It was only yesterday when we reported on how, according to the environmentalists working with Greenpeace, Levi's must be held accountable for polluting several of Mexico's rivers.Thus, Greenpeace's latest report on this issue has stated that water samples taken from nearby two of Levi's suppliers have indicated that these freshwater sources are tainted with a “a cocktail of hazardous chemicals.”
This means that both local wildlife and human communities are being exposed to several harmful chemical compounds that stand to impact on their health and wellbeing.
Following the release of this report, 16 of Levi's mannequins dropped their “toxic” outfits and took to the streets of San Francisco.
These mannequins were in fact Greenpeace members, who only had one goal: that of forcing the company's hand into setting up a plan to deal with how its working agenda impacted on the environment.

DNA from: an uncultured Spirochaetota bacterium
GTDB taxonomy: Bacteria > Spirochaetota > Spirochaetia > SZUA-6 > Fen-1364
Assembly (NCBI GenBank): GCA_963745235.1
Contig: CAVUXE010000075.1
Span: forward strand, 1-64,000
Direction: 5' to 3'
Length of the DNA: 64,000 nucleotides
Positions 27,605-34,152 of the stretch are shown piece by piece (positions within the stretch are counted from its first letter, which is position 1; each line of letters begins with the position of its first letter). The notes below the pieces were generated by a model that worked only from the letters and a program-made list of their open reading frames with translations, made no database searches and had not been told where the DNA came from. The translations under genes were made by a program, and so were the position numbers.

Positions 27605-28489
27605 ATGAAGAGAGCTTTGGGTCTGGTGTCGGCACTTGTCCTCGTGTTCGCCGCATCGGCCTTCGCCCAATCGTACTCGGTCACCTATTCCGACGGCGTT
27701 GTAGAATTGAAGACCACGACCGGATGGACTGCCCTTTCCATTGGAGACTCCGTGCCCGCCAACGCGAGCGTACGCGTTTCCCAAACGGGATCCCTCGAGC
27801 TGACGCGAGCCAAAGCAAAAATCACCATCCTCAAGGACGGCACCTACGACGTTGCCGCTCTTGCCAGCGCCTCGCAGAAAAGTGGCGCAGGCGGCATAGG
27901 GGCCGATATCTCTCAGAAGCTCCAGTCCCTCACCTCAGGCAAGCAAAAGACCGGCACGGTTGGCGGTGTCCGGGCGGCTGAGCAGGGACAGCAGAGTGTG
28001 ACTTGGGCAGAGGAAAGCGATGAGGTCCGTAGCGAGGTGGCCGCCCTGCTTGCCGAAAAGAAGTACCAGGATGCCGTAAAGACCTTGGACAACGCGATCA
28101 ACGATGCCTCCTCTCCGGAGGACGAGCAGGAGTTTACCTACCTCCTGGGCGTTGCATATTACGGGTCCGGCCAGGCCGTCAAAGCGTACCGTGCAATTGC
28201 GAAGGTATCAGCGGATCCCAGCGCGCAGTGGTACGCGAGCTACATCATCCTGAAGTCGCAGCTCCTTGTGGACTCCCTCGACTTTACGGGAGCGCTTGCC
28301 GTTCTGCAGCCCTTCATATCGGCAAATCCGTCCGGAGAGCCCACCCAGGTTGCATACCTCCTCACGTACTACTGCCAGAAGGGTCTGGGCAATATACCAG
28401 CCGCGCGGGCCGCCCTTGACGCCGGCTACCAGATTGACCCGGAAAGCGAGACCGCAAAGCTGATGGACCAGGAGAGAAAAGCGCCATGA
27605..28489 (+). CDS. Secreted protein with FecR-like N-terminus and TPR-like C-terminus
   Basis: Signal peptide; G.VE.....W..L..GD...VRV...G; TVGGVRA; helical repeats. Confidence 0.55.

According to Huffington Post, the mannequins’ decision to rid themselves of the clothes they were supposed to be promoting stemmed from the fact that they no longer wished to be tied to a brand that refused to get behind Greenpeace's “Detox Fashion” campaign.
Commenting on this protest, Greenpeace campaigner John Deans made a case of how, “These mannequins are fed up so they shed their clothes and headed for the exits to demand Levi's detox its clothing.”
Following in Zara's footsteps, whose management ultimately agreed to have a closer look at how their suppliers affected the natural world, Levi's was rather quick in publishing an action plan for removing hazardous chemicals from its supply chain.
“Levi Strauss & Co. is deeply committed to minimizing the environmental impacts of our clothing manufacturing process,” this action plan reads.
Furthermore, “Levi Strauss & Co. has a vision to encourage the use of chemical substances developed from feedstocks that draw on abundant resources, are responsibly produced, and achieve zero waste during manufacturing and use.”